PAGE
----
Entrepreneurship can be an important skill to teach students in school. Entrepreneurship can be taught to a variety of age groups and there is a growing interest at various levels in activities to teach this skill. Many organizations around the country are dedicated to teaching children entrepreneurial skills which are becoming increasingly relevant in the job market and workplace.

Lemonade Day

Lemonade Day started in Houston, Texas and now takes place in many cities across the country. Children are given workbooks that help them learn about starting a business. They are then encouraged to choose their own location to sell lemonade on Lemonade Day. The activities are centered around schools and community groups.

Marketplace for Kids

Marketplace for Kids is an organization that teaches entrepreneurial skills through classes and activities. Marketplace offers free activities and seminars at schools. This program is free to any school that wishes to participate. Marketplace teaches children skills like networking and brainstorming and how to create projects of their own. The program meets the National Content Standards for Entrepreneurship Education and students learn about creating business plans, critical and innovative thinking, team work and using creativity to achieve real-world goals.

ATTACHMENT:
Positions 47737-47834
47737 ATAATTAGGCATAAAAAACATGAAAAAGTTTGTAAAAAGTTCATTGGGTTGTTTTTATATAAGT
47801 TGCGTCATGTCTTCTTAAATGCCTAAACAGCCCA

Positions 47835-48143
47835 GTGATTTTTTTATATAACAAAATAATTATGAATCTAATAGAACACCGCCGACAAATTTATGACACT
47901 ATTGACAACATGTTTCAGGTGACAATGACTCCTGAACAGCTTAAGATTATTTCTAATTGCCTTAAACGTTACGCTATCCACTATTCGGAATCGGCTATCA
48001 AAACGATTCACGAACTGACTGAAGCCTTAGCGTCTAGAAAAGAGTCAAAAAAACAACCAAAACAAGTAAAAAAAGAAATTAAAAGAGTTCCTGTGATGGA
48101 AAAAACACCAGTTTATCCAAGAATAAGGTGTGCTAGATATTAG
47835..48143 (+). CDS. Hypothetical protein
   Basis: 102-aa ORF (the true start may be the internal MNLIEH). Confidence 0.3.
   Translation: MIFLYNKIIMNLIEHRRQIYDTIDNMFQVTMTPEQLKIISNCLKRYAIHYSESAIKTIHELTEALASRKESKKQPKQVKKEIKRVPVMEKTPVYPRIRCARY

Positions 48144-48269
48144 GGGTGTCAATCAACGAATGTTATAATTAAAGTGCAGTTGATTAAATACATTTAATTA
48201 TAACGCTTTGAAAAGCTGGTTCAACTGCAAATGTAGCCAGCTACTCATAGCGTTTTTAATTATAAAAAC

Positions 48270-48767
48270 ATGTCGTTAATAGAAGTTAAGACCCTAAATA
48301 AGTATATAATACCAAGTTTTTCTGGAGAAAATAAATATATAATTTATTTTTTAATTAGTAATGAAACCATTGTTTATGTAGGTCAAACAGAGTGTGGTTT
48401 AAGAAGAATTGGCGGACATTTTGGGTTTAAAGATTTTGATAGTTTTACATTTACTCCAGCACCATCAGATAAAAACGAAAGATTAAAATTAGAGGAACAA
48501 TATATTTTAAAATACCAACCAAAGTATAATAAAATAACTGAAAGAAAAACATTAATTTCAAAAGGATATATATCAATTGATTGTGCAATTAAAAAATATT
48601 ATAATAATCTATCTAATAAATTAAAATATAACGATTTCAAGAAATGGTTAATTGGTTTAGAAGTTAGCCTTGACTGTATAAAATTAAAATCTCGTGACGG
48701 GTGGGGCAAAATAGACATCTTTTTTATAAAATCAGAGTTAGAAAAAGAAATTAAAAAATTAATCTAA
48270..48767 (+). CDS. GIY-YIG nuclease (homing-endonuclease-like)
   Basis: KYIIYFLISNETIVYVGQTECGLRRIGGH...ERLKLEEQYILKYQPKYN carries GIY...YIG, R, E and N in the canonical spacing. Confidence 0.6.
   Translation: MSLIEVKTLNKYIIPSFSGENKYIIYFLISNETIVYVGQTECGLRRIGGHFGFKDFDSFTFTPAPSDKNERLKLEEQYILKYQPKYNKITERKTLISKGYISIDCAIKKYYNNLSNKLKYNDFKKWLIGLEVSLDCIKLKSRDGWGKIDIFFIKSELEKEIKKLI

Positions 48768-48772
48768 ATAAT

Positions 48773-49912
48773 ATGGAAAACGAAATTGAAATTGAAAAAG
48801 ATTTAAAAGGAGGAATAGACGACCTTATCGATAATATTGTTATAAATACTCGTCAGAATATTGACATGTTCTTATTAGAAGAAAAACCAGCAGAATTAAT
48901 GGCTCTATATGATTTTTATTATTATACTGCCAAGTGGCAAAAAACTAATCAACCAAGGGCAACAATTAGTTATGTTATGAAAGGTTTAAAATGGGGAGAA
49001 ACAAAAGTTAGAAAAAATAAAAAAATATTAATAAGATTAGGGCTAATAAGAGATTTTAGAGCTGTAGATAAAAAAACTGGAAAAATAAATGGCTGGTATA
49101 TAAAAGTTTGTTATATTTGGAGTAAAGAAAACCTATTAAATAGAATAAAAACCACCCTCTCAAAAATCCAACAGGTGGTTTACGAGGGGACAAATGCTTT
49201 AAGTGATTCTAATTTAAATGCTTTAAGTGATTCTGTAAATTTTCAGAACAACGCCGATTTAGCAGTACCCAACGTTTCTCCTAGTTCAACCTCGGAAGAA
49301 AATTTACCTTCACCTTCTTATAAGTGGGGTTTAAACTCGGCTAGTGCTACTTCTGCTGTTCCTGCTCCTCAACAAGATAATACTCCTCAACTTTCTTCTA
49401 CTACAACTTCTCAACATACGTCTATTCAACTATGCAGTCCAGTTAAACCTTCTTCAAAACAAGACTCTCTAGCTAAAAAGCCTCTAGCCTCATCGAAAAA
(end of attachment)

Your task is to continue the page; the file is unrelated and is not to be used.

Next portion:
Network for Teaching Entrepreneurship

The Network for Teaching Entrepreneurship is dedicated to teaching entrepreneurial skills, particularly to low-income students. The NFTE teaches students to recognize and take advantage of business opportunities. The NFTE arranges programs in schools where at least 50 percent of the students are eligible for free or reduced-price lunches. Schools that meet these criteria are eligible to participate in the program. In the program, students create business plans and compete in school, citywide and regional competitions. Students interact with professional entrepreneurs who have volunteered to work with the program.

School Activities

Schools often arrange their own entrepreneurial activities and competitions like bake sales, selling wrapping paper and stock market simulations. Even a science fair can be turned into a lesson in entrepreneurship by assigning students to invent products and write a business plan for selling the products. For a bake sale, split students into competing groups and ask each group to submit a business plan beforehand.